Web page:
Habari Za Nyumbani–on jambonewspot.com

Visit www.jambonewspot.com…..your community website for more

One on One with Casper: Devolution of Power

Posted by Administrator on April 4, 2012

Devolution of power pertains to a federalist system’s ability to the spreading of authority across different levels of government and thus reduces the spread and intensity of conflict (Watts, 1996: Ch. 3; Stewart, 1984:61-62).

The devolution of powers doctrine can be found in chapter eleven of the new Kenyan constitution.  One way Watts (1996) states that the three areas where devolution can be examined are legislative decentralization or division of legislative powers at each level of government, administrative decentralization or the assigned administrative responsibilities at each level of government.

Devolving power also helps to reduce conflict that is directed to one sovereign authority by distributing power to several sovereigns, for example, the constituency governments. Devolution of power increases inclusivity.

Baechler (2001) argues that inclusivity of the entire population, elites and non-elites, is essential for peace and development.  He argues that devolution of power is a structural approach that aids in attaining peace and development.  Every member of the society is included and recognized.  Devolution of power also brings governments closer to the people.  In the previous system the government was highly inaccessible, but with constituency governments it is easier for the public to petition government.  According to the Kenyan Constitution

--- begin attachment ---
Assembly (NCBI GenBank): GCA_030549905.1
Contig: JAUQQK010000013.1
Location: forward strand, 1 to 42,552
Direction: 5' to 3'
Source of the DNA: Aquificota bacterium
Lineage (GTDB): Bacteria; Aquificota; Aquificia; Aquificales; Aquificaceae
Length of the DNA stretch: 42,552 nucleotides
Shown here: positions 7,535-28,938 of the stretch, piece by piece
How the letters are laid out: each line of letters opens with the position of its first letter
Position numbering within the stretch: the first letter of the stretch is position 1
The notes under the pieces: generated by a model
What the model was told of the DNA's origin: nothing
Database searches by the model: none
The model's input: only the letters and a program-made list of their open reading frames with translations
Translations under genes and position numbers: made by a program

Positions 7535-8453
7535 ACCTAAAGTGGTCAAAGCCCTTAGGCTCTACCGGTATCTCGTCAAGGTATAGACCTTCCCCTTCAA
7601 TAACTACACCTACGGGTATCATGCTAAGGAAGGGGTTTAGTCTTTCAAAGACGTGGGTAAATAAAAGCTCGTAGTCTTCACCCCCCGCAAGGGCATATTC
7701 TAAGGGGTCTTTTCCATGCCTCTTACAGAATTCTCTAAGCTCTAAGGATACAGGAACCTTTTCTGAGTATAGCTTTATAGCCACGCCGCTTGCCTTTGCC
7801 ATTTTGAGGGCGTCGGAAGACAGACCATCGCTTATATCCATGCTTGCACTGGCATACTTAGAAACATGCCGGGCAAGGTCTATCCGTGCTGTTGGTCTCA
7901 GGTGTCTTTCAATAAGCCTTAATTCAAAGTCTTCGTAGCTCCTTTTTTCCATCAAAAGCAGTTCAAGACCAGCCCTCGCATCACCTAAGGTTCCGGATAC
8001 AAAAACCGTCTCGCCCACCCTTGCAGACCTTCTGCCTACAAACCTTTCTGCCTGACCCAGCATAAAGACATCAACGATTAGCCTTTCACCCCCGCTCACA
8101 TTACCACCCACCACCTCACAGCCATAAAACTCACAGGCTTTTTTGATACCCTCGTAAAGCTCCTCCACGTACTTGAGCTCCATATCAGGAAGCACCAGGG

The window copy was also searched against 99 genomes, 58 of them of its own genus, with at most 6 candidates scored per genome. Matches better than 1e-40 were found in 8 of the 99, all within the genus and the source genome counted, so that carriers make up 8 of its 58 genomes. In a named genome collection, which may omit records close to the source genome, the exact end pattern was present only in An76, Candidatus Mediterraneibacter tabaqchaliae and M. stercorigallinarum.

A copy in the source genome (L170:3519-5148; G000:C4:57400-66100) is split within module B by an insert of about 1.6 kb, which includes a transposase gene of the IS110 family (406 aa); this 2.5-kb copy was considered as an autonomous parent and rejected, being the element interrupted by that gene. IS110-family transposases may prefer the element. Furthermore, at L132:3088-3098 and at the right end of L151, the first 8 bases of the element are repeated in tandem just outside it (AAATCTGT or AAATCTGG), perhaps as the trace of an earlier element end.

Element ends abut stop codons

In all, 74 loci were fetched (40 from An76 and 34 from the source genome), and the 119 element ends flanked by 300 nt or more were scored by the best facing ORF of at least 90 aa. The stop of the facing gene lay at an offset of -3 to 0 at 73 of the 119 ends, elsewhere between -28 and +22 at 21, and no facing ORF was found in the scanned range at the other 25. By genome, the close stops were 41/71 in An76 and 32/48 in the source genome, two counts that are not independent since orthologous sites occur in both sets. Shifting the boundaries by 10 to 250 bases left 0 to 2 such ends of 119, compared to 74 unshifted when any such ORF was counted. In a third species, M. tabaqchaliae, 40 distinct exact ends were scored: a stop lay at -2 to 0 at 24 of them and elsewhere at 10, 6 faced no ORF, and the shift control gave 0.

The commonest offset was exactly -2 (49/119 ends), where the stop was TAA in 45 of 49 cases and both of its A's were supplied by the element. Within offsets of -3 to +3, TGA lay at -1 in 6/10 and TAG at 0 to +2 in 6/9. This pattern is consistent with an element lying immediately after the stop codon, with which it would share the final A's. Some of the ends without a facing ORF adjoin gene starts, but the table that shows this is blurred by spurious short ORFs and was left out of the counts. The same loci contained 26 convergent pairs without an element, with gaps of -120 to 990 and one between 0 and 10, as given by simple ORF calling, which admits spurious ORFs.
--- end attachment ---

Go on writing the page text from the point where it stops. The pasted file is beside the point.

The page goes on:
Chapter Eleven devolution promotes democratic and accountable exercise of power, fosters national unity by recognizing diversity, enhances citizen participation and self-governance, and recognizes communities’ rights to manage their own affairs.  Also, it protects and promotes the interests and rights of minorities and marginalized communities, it ensures equitable sharing of national and local resources, it facilitates the decentralization of state organs in their functions and services from the capital of Kenya. In addition, it enhances, checks and balances the separation of powers.

Advertisements

2 Responses to “One on One with Casper: Devolution of Power”

  1. kwasi21 said

    According to this article and video ” The devolution of powers doctrine can be found in chapter eleven of the new Kenyan constitution”. This means its already in place to work to our advantage by spreading of authority across different levels of government and thus reduces the spread and intensity of conflict. Question, is there a system/higher authority in place to check the government? I think the common kenyan mwanachi suffers from lack of influencing power or the lack of proper representation.

    • Casper said

      Well, the mwanainchi is empowered because you are represented both at the local county level and at the national federal level. This means government has come closer to the people. You can send your grievances to the county assembly and governor. As a citizen you also have the power to recall, this is to remove elected public officials out of power before their term is over. Above all you have the vote. We have to start voting by merit and not by ethnicity.

Sorry, the comment form is closed at this time.

 
%d bloggers like this: